It’s also important to note that things have changed considerably since last year when we were talking about this “compromise.”  With the potential of a special statewide election to fill Tim Kaine’s Senate seat if he wins the Vice Presidency, we can’t afford to select a convention – literally and figuratively.  Four multi-candidate races means at a minimum a two day+ fully contested convention, and that’s not something RPV has put together in a long, long time.  Given the issues we’ve seen in just the last few years, and the serious lack of trust between many in the grassroots and who they perceive are in the “party leadership,” it’s just a bad idea. Another convention, with its arcane rules and certain rules-lawyering by candidates, is only going to split the party even worse than it is now, which makes a toddler’s birthday party look cohesive.

Webb claims that “[i]t’s time to put the integrity of our party first, to bring the Compromise Plan to fruition, and prove to ourselves that we can work together and begin trusting each other once again.”  It’s hard to put into words, given what we’ve seen in Virginia over the last few years, how naive that argument is.  The idea that suddenly all the rifts within the party, at every level, will suddenly start to heal and we’ll all trust each other again if SCC supports a convention in 2017 is laughably absurd.  No matter what decision is made, somebody is going to hate it and cry foul.

When it comes to integrity, there’s no integrity in holding yourself to a deal that never existed.  The only proof that we can work together will be when that actually happens, and it hasn’t been happening since 2013. The chances of it happening next year are slim, no matter what State Central does.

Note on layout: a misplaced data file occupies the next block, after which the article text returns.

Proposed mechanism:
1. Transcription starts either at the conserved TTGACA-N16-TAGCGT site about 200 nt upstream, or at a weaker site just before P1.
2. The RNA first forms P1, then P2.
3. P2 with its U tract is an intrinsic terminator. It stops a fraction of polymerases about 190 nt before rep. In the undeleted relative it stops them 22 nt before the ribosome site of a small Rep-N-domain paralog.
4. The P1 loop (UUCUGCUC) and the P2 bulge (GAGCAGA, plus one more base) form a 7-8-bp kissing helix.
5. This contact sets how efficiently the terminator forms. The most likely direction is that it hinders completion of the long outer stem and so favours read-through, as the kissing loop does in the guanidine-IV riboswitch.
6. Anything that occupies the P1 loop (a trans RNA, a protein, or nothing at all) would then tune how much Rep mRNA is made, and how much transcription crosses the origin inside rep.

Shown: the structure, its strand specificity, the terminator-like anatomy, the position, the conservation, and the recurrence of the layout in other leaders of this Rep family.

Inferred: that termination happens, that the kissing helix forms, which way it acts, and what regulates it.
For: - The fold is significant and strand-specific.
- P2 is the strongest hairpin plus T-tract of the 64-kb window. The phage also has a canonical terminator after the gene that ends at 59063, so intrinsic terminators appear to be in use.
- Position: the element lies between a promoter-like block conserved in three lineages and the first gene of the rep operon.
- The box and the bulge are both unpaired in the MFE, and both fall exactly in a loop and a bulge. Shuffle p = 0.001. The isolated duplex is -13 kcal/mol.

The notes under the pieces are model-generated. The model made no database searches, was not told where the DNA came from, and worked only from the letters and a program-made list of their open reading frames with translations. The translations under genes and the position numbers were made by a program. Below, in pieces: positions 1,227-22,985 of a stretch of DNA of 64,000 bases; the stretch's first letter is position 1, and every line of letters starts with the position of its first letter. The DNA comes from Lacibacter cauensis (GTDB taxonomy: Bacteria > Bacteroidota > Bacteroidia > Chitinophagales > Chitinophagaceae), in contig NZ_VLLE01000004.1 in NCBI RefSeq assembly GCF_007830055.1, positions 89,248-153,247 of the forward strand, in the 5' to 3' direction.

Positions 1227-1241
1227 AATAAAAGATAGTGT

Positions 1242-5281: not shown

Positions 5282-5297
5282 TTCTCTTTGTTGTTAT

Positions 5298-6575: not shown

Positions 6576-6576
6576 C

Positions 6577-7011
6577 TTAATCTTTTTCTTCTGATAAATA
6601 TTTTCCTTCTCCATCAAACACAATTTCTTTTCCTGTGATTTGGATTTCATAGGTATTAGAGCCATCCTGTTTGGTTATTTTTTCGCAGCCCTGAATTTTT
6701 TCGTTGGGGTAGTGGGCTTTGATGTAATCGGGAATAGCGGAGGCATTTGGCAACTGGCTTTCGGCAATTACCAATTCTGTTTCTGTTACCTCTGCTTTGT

As for trust, the voters in the various districts across Virginia put their trust in their elected State Central Committee members to do what they were elected to do – and that was not to weld themselves to a bad deal that would not only hurt the party and our electoral chances in 2017, but that, in all honesty, doesn’t even exist.

There was no deal.  There is no deal.  State Central members should continue to vote their consciences on Saturday, regardless of where they stand on the primary vs. convention issue.

Those who went to their local conventions and voted for State Central are owed a duty of loyalty – that duty is more binding than any deal somebody thinks was made last year.  State Central members should be loyal to their constituents – the people who elected them – and they should do what their constituents elected them to do.

To them, I say don’t let anybody mislead you about what integrity is.  It’s voting your principles.

It always has been and always will be.